SOUTHWEST HARBOR — Paul Haertel, superintendent of Acadia National Park from 1994 to 2002 and a resident of Southwest Harbor for the past 28 years, died June 5. He was 81.
“While superintendent of Acadia, Paul led the establishment of the Island Explorer bus system, the conversion of the U.S. Navy base on the Schoodic Peninsula into a park research and learning center and the acquisition of numerous other parcels of land and conservation easements,” said Acadia Superintendent Kevin Schneider.
“Paul helped lead the first endowment of a hiking trail system in a national park through Friends of Acadia’s Acadia Trails Forever Campaign.
“He was a ‘ranger’s ranger.’ A stalwart lover of wild places, he served as ranger pilot in Alaska, was an avid birder and naturalist and a skilled outdoorsman – be it skiing, hiking, or paddling. He was the kind of person who believed in people, helping mentor a generation of park employees.
Paul also invested the time in strengthening relationships with Acadia’s [neighboring] communities, recognizing this important symbiotic relationship.”
Stephanie Clement, interim president and CEO of Friends of Acadia, said of Haertel, “Paul was a wonderful leader and an outstanding partner to Friends of Acadia. He had a way of making everyone feel invested in the future of the park.
“Friends of Acadia could not have completed the campaigns to rehabilitate and preserve Acadia’s trails and carriage roads without him. I am grateful for the time we had with him as a friend and as the superintendent of Acadia.”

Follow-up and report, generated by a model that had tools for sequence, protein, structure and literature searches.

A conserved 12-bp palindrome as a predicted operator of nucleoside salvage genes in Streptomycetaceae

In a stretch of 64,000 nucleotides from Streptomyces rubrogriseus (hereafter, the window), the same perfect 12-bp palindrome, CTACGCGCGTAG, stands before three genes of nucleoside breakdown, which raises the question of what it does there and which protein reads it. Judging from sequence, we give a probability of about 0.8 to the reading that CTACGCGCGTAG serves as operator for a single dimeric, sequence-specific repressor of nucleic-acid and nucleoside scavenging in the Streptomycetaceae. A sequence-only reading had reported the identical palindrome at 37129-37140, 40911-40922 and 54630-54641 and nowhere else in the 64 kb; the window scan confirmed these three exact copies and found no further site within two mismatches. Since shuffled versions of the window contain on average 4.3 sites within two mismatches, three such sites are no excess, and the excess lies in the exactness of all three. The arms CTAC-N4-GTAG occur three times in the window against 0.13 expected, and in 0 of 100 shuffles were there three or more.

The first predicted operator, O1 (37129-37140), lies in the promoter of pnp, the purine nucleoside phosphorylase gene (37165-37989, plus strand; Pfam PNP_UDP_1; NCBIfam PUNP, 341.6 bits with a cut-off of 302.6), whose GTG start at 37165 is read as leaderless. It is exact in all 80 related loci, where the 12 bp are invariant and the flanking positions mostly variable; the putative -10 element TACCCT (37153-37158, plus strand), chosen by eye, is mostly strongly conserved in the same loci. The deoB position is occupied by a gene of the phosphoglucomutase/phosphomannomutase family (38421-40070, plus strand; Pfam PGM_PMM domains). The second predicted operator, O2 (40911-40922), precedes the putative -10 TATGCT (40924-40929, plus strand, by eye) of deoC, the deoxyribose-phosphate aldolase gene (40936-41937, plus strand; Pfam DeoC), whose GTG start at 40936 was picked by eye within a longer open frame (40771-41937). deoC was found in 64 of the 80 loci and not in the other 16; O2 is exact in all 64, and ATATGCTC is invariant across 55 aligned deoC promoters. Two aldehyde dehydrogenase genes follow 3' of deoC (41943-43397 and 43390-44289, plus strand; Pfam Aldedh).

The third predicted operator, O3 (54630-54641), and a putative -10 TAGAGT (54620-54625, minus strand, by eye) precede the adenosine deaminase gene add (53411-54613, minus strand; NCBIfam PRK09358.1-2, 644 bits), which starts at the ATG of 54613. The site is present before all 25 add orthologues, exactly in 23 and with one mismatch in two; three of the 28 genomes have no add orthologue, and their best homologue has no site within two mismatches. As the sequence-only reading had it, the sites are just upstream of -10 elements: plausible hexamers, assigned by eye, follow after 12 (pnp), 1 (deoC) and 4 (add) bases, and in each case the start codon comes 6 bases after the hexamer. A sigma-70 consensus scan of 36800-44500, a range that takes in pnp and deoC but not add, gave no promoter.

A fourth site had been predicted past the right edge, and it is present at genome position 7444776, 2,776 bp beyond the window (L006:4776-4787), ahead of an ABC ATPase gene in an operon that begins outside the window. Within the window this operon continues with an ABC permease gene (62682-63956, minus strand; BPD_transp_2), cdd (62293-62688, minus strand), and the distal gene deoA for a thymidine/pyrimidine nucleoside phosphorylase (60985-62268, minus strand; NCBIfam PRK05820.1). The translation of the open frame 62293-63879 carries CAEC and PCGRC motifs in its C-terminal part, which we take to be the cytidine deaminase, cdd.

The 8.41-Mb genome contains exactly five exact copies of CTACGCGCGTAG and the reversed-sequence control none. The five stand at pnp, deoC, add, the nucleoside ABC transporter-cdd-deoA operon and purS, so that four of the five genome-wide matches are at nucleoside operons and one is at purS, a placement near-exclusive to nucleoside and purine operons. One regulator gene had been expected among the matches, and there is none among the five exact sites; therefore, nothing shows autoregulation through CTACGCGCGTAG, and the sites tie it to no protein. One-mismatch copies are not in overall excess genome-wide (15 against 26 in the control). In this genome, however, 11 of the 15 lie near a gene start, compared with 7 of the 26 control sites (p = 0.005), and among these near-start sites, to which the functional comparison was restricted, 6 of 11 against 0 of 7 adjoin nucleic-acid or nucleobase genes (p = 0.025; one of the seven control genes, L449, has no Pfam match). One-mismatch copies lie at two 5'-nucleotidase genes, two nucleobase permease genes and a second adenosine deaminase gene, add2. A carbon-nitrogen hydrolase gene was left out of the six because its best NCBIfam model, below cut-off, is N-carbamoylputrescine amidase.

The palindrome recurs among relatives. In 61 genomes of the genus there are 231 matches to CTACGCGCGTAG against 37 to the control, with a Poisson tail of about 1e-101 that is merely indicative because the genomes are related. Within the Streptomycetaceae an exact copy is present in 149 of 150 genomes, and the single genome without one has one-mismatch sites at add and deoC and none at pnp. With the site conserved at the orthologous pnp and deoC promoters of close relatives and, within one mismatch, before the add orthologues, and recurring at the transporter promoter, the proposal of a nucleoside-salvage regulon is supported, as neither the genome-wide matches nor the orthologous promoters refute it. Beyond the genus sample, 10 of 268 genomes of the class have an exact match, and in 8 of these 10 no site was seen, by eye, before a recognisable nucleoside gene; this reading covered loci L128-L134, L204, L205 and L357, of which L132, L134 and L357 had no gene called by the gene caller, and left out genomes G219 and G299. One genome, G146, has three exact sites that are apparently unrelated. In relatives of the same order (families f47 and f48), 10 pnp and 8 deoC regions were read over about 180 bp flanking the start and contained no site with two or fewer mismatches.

Haertel had a 41-year career in the National Park Service, working in a dozen park service units, mostly in the in the West, before coming to Acadia. In 1977, he was named chief of operations for the five National Park Service units in Alaska. He was also superintendent at both Kenai Fjords and Clark Lake national parks, and for the second half of his 17 years in Alaska, he was associate regional director for the park service.
Haertel was a lifelong conservationist and an avid birder, along with his wife, Margot, who survives him.
After retiring, he joined the board of the Schoodic Education and Research Center. He also served on the boards of the Frenchman Bay Conservancy and Maine Woods Forever.
“It’s a fascinating experience to be with this group,” he said of the Maine Woods organization in a 2015 interview with the Islander.
“We’re all conservation minded. The whole approach is to ask, ‘What is it about Maine that makes this a worthwhile place to live? What is it that gives this place value?’”